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Caught in the Middle: Response Dynamics of Political Partisan Conspiracy Theories and Independent Responders

Abstract Political party identification has an immense influence on shaping individual attitudes and processes of reasoning to the point where otherwise knowledgeable people endorse political conspiracies that support one's political in-group and simultaneously disparage an out-group. Although recent research has explored this tendency among partisans, less is known about how Independents respond in comparison. Previous research fails to identify the Independent as a unique type of voter, but rather categorizes this group as ostensibly partisan, not a separate phenomenon to investigate. However, most Independents purport neutrality and, by recent polls, are becoming a substantial body worthy of concerted focus. Many questions arise about who Ind... (more)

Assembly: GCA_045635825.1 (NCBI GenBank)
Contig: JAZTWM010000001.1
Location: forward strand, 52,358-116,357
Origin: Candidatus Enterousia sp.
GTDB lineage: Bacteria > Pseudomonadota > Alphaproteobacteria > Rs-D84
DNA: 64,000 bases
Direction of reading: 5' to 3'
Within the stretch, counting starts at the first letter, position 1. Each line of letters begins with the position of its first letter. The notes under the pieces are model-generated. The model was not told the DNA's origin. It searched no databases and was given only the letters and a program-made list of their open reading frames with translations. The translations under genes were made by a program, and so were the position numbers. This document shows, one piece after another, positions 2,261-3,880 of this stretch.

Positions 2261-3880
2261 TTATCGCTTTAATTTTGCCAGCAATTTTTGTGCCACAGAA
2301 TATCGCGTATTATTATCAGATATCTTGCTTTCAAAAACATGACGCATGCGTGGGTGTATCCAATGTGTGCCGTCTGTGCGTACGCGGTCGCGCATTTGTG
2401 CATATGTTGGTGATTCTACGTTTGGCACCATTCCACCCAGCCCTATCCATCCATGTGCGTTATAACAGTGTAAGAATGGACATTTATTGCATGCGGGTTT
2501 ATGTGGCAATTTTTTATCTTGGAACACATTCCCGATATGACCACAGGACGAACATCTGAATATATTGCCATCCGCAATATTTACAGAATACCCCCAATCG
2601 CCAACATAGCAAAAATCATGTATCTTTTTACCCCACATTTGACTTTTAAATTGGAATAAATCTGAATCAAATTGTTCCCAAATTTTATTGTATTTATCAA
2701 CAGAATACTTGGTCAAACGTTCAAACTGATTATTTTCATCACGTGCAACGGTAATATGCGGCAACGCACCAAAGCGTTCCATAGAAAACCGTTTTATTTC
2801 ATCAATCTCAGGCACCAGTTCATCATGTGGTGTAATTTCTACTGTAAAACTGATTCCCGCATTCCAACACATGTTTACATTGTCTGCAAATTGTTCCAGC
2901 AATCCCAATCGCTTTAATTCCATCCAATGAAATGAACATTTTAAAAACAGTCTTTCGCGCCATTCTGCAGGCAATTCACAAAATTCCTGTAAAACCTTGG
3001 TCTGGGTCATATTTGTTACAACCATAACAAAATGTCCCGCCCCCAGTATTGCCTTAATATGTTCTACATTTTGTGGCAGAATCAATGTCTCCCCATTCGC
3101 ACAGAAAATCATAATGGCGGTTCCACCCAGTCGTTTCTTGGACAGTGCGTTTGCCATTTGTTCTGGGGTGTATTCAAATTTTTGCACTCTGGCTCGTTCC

Created Date 2017
Contributor Johnson, Chelsea K. (Author) / Duran, Nicholas D (Advisor) / Robles-Sotelo, Elias (Committee member) / Hall, Deborah (Committee member) / Arizona State University (Publisher)
Subject Cognitive psychology / Experimental psychology / Cognition / Conspiracy / Decision-making / Dynamic / Mouse-tracking / Partisanship
Type Masters Thesis
Extent 80 pages
Language English
Reuse Permissions All Rights Reserved
Note Masters Thesis Psychology 2017
Collaborating Institutions Graduate College / ASU Library
Additional Formats MODS / OAI Dublin Core / RIS

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Description Dissertation/Thesis